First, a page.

By Lambert Strether of Corrente.
“The ability to make policy and to enforce it at the national level is essential to combat the slide towards plutocracy, under which society is controlled by the wealthiest citizens” [HuffPo]. Hmm. [Hums an old tune, The Internationale…]. Usefully, however, the article includes links to the following two studies:
“Who Has Benefited Financially from Investment Treaty Arbitration? An Evaluation of the Size and Wealth of Claimants” (PDF) [Gus Van Harten and Pavel Malysheuski, SSRN]. From the abstract:
We collected data on the size and wealth of the foreign investors that have brought claims and received compensation due to ISDS. Our main findings are that the beneficiaries of ISDS, in the aggregate, have overwhelmingly been companies with more than USD1 billion in annual revenue – especially extra-large companies with more than USD10 billion – and individuals with more than USD100 million in net wealth. ISDS has produced monetary benefits primarily for those companies or individuals at the expense of respondent states. Incidentally, we also found that extra-large companies’ success rates in ISDS, especially at the merits stage, exceeded by a large margin the success rates of other claimants. It was evident that ISDS has also delivered substantial monetary benefits for the ISDS legal industry.
“Investment Treaties and the Internal Vetting of Regulatory Proposals: A Case Study from Canada” [Gus Van Harten and Dayna Nadine Scott, SSRN].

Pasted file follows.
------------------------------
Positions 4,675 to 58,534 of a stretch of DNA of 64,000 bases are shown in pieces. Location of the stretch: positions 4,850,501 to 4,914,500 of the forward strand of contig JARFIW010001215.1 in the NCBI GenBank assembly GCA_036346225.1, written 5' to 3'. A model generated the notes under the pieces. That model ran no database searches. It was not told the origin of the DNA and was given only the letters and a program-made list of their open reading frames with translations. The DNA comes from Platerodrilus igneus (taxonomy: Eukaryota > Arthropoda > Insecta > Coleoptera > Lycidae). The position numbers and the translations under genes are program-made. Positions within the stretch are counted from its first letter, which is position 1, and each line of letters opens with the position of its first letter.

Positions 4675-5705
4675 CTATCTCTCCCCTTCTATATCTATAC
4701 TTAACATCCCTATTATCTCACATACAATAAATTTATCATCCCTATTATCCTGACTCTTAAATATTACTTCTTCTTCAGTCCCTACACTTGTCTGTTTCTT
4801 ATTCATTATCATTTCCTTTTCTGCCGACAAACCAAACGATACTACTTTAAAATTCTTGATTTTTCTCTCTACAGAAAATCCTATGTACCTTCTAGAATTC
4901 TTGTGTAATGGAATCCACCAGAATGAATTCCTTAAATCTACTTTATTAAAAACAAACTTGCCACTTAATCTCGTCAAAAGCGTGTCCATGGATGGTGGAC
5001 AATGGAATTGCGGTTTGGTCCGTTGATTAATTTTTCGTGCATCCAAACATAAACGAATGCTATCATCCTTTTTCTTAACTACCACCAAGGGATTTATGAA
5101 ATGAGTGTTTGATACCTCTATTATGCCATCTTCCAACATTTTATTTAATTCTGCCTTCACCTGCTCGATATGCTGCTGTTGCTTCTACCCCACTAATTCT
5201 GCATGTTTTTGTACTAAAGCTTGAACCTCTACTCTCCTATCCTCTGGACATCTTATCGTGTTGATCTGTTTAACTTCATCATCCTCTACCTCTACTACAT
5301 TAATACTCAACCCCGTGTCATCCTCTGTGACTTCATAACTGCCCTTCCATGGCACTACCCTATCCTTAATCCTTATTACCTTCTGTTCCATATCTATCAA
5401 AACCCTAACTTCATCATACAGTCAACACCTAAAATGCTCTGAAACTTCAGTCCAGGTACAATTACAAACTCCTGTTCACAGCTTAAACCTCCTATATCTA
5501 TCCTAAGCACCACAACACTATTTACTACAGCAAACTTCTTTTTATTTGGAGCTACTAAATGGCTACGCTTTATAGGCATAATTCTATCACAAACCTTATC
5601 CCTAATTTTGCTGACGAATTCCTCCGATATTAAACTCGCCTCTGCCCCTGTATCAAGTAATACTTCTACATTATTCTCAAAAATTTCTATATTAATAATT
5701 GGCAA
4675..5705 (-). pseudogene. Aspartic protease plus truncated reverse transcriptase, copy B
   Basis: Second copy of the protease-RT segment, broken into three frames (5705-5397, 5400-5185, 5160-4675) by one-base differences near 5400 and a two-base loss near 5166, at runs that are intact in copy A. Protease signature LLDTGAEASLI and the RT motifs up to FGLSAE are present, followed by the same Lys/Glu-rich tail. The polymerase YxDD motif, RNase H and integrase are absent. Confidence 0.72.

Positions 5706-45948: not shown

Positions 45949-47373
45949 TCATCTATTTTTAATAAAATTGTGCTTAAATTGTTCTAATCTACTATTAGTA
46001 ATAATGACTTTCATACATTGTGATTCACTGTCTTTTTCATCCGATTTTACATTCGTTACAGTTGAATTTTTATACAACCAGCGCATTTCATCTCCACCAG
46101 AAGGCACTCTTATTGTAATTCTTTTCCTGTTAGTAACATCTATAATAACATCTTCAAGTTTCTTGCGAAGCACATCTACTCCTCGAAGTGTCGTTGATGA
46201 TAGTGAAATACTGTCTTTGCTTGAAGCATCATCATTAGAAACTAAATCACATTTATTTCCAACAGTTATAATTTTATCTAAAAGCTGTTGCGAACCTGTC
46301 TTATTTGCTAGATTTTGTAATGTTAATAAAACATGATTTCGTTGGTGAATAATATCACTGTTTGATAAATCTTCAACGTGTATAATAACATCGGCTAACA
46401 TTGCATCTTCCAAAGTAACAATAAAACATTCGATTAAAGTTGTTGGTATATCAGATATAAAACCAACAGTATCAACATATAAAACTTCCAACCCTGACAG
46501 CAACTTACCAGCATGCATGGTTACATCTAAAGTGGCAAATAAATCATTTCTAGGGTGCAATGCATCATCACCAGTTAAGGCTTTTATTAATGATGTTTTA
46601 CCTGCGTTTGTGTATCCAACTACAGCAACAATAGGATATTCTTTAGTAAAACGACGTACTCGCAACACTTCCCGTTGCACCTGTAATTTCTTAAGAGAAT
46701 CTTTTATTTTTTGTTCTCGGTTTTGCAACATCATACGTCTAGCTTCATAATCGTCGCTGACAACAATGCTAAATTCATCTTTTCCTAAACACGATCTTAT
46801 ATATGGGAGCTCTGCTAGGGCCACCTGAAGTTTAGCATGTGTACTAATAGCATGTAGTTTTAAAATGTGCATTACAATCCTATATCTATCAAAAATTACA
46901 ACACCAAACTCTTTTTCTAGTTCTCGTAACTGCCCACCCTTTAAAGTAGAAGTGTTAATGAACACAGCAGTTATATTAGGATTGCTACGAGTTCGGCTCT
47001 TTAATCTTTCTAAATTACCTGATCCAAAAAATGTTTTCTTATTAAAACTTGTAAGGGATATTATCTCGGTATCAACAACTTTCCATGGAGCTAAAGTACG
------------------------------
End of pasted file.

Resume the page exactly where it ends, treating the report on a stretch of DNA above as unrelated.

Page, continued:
“The TPP features a ban on the ability of member countries to establish restrictions on data transfers” [The Tyee]. “[Some] TPP countries appear to have … obtained additional privacy assurances from the U.S. For example, a TPP side letter between the U.S. and Australia features a U.S. promise to extend any privacy commitments in other trade agreements to Australia. Moreover, the same side letter promises to work to extend privacy protections to Australian data held by the U.S. government.” Wait, what? “Side letters”? Can we read them?
Latin American marches against TPP (map) [Participaccion].
“During his landmark Georgetown University address, Bernie did much more than explain the meaning of “democratic socialism.” Quoting both Dr. Martin Luther King, Jr. and President Franklin D. Roosevelt, Bernie openly recognized that there can be no “liberty” without “economic security” — the very thing that has been denied to millions of Americans by an increasingly oppressive oligarchy. Our political revolution is the answer to a system that denies liberty to so many” [LA Progressive].
“Clinton-Sanders battle puts spotlight on Amtrak gun rules” [The Hill]. Presumably, there will be no gunz in the Quiet Car? I don’t care so much about checked luggage.
“The G.O.P. establishment is at a disadvantage against outsiders across nearly every dimension of primary strength, even on the matters where the establishment usually has an edge, like fund-raising, media coverage and support from moderate voters in blue states” [New York Times]. “What’s even more remarkable is that the party’s weakness comes when it would seem to have tremendous incentives to coalesce behind a single mainstream option. Rarely, if ever, has a party faced such a credible threat from true outsiders, and yet the Republican establishment is both split and on the sidelines.”
“GOP Strategist: Trump Supporters Are ‘Single Men Who Masturbate To Anime'” [Reuters]. Truly the party of stupid: Real single men masturbate to hentai, not anime [ducks, as Japan experts in the readership start throwing objects]. Seriously, though…. That’s what the Republican establishment thinks of their base, and they’re refreshingly open about it, aren’t they? The Democratic establishment would want to have a “conversation,” but the hate is the same.